92 G. Oviedo Box 12.1. Do’s and Don’ts from International Institute of Rural Reconstruction (2000) Do’s Begin with a clear understanding of the local situation and policy context. Use a two-pronged approach for advocacy and lobbying work—at the top with policy makers, and on the ground to demonstrate impact. Start with a clear shared vision with partners at all levels. Have a clear understanding of policies and strategies. Prepare clear guidelines in the local language and share with all stakeholders. Actively share experiences and ideas. Be patient: be prepared to invest a lot of effort and time. Strive to build the technical and managerial capacity of communities. Full coordination with local government officials and line agencies is essential; they ments, is a task that needs to be undertaken on the basis of specific cases of forest restoration. It is therefore recommended that such initiatives include in their plans the ongoing accompaniment of the process by researchers equipped to understand the links between rights and incentives. • Use experience to synthesise guidance in the form of option menus for dealing with tenure issues in different situations. For the moment, most of the experiences of forest restoration offer lessons of mostly local or national value on ownership matters, difficult to generalise and to apply to other situations. An analytical effort of learning more from those lessons and then systematising them for guidance would be valuable, always with the understanding that lesson-based guidance is indicative only, and any mechanistic application of experiences from one place to another needs to be avoided. • Research further on experiences (successful and unsuccessful) of forest restoration under different types of ownership, to better under- can play a key role in monitoring the entire process. Work toward establishing official legislation for user rights to greatly strengthen the process. Help communities understand that a shortterm reduction in fuelwood availability will result from enclosure, and assist them to find ways to deal with this problem. Don’ts Don’t start with sensitive issues (e.g., discussing the problems of the land-tenure situation). Don’t allow conflicts to become too large. Try to resolve them as soon as possible. Don’t impose plans. Don’t monopolize the intervention. Partners should be key players in the process. stand how rights’ systems (including from creation or granting of rights to law enforcement and judicial processes) impact on the results—in the short, medium, and long terms. In undertaking such research, it is fundamental to use a conceptual and methodological framework that is based on the understanding of the complexities of the bundle of forest ownership rights, avoiding for example an exclusive focus on land tenure. References Chambers, R. 1994a. The origins and practice of participatory rural appraisal. World Development 22(7):953–969. Chambers, R. 1994b. Participatory rural appraisal (PRA): analysis of experience. World Development 22(9):1253–1268. Chambers, R. 1994c. Participatory rural appraisal (PRA): challenges, potentials and paradigm. World Development 22(10):1437–1454.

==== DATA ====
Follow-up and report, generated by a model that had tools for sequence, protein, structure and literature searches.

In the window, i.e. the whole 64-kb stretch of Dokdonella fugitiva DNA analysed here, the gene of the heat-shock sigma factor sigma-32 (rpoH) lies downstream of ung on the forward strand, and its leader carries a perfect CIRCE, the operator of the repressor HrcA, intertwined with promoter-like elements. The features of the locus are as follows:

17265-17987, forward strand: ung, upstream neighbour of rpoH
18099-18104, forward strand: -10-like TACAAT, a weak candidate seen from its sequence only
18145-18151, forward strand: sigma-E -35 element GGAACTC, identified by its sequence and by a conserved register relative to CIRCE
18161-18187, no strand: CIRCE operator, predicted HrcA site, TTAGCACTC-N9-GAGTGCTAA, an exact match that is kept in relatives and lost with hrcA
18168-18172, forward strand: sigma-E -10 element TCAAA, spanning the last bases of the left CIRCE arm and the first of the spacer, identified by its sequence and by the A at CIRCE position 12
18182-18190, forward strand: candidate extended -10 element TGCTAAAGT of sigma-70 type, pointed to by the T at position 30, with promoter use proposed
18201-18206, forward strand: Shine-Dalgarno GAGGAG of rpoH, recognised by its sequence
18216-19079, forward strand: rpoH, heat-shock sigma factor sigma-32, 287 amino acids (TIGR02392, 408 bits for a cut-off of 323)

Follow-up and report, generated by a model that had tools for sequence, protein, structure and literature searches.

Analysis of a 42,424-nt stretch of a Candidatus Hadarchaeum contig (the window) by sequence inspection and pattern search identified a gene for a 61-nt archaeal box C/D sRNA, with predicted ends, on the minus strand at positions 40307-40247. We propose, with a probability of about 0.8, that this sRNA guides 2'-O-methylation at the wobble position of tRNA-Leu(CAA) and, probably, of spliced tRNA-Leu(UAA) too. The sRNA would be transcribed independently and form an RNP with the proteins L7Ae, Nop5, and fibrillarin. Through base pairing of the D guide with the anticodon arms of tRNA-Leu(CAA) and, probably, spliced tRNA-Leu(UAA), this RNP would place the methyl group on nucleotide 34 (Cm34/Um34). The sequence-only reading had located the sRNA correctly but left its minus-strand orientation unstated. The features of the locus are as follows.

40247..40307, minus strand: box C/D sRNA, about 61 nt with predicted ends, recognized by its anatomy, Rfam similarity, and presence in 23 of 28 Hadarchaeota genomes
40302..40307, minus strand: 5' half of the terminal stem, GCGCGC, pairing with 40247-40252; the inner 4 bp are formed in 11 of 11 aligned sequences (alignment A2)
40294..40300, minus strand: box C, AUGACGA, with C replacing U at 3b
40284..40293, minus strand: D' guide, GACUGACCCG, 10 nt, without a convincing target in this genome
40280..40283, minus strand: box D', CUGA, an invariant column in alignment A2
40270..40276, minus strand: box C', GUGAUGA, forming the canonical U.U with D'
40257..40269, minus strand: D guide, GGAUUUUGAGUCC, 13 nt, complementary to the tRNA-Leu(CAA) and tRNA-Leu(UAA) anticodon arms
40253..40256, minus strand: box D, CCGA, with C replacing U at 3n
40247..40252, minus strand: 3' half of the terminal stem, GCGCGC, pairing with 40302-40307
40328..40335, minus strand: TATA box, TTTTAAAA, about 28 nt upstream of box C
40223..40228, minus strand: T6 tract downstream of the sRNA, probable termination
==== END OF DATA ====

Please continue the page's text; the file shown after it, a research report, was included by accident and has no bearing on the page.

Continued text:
Chambers, R., and Guijt, I. 1995. PRA—Five years later. Where are we now? Forests, Trees and People Newsletter 26/27:4–13. Clogg, J. 1997. Tenure reform for ecologically and socially responsible forest use in British Columbia. A paper submitted to the Faculty of Environmental Studies in partial fulfilment of the requirements for the degree of Master in Environmental Studies, York University, North York, Ontario, Canada. Dachang, L. 2001. Tenure and management of nonstate forests in China since 1950: a historical review. Environmental History 6(2):239–263. Dachang, L., ed. 2003. Rehabilitation of Degraded Forests to Improve Livelihoods of Poor Farmers in South China. CIFOR, Bogor, Indonesia. International Institute of Rural Reconstruction. 2000. Sustainable Agriculture Extension Manual. IIRR, Silang, Cavite, Philippines. Markopoulos, M.D. 1999. The Impacts of Certification on Campesino Forestry Groups in Northern Honduras. Oxford Forestry Institute (OFI), Oxford, UK. Molnar, A., Scherr, S., and Khare, A. 2004. Who conserves the world’s forests? Comunity-driven strategies to protect forests and respect rights. Forest Trends, Ecoagriculture Partners,Washington, DC. Neef, A., and Schwarzmeier, R. 2001. Land Tenure Systems and Rights in Trees and Forests: Interdependencies, Dynamics and the Role of Development Cooperation, Case Studies from Mainland Southeast Asia. GTZ, Division 4500 Rural Development, Eschborn, Germany. Vochten, P., and Mulyana, A. 1995. Reforestation, protection forest and people—finding compromises through PRA, Forests, Trees and People Newsletter, FAO, issues 26/27. White, A., and Martin, A. 2002. Who Owns the World’s Forests? Forest Tenure and Public Forests in Transition. Forest Trends, Washington, DC. World Wildlife Fund USA. 2000a. A Guide to Socioeconomic Assessments for Ecoregion Conservation. WWF–US Ecoregional Conservation Strategies Unit, Washington, DC. World Wildlife USA. 2000b. Stakeholder Collaboration: Building Bridges for Conservation. WWF– 12. Land Ownership and ForestRestoration 93 US Ecoregional Conservation Strategies Unit, Research and Development, Washington, DC. Ziff, B. 1993. Principles of Property Law. Carswell. Scarborough, Canada. Additional Reading Agrawal, A., and Ostrom, E. 1999. Collective action, property rights, and devolution of forest and protected area management. Research paper. S/l. Barton Bray, D., Merino-Perez, L., Negreros Castillo, P., Segura-Warnholtz, G., Torres, J.M., and Vester, H.F.M. 2003. Mexico’s community-managed forests as a global model for sustainable landscapes. Conservation Biology 17(3):672–677. Chambers, R. 1983. Rural Development: Putting the Last First, Longman, London. Chambers, R. 1993. Challenging the Professions. Frontiers for Rural Development. Intermediate Technology Publications, London. Chambers, R. 1996. Whose Reality Counts? Intermediate Technology Publications, London. Chambers, R. 2002. Participatory Workshops: A Sourcebook, Institute of Development Studies, Brighton, UK. Chambers, R., and Leach, M. 1990. Trees as Savings and Security for the Rural Poor. Unasylva 161(41):39–52. Food and Agriculture Organisation of the United Nations, FAO. 2001. SEAGA—Socio-Economic and Gender Analysis Package. FAO Socio- Economic and Gender Analysis Programme. Gender and Population Division, Sustainable Development Department, Rome. GTZ. 1998. Guiding Principles: Land Tenure in Development Cooperation. Deutsche Gesellschaft für Technische Zusammenarbeit, Abt. 45, Div. 45. Jaramillo, C.F., and Kelly, T. 2000. La deforestación y los derechos de propiedad en América Latina. http://www.imacmexico.org/ev_es.php?ID= 5587_203&ID2=DO_TOPIC. Lamb, D., and Gilmour, D. 2003. Rehabilitation and Restoration of Degraded Forests. IUCN/WWF, Gland, Switzerland.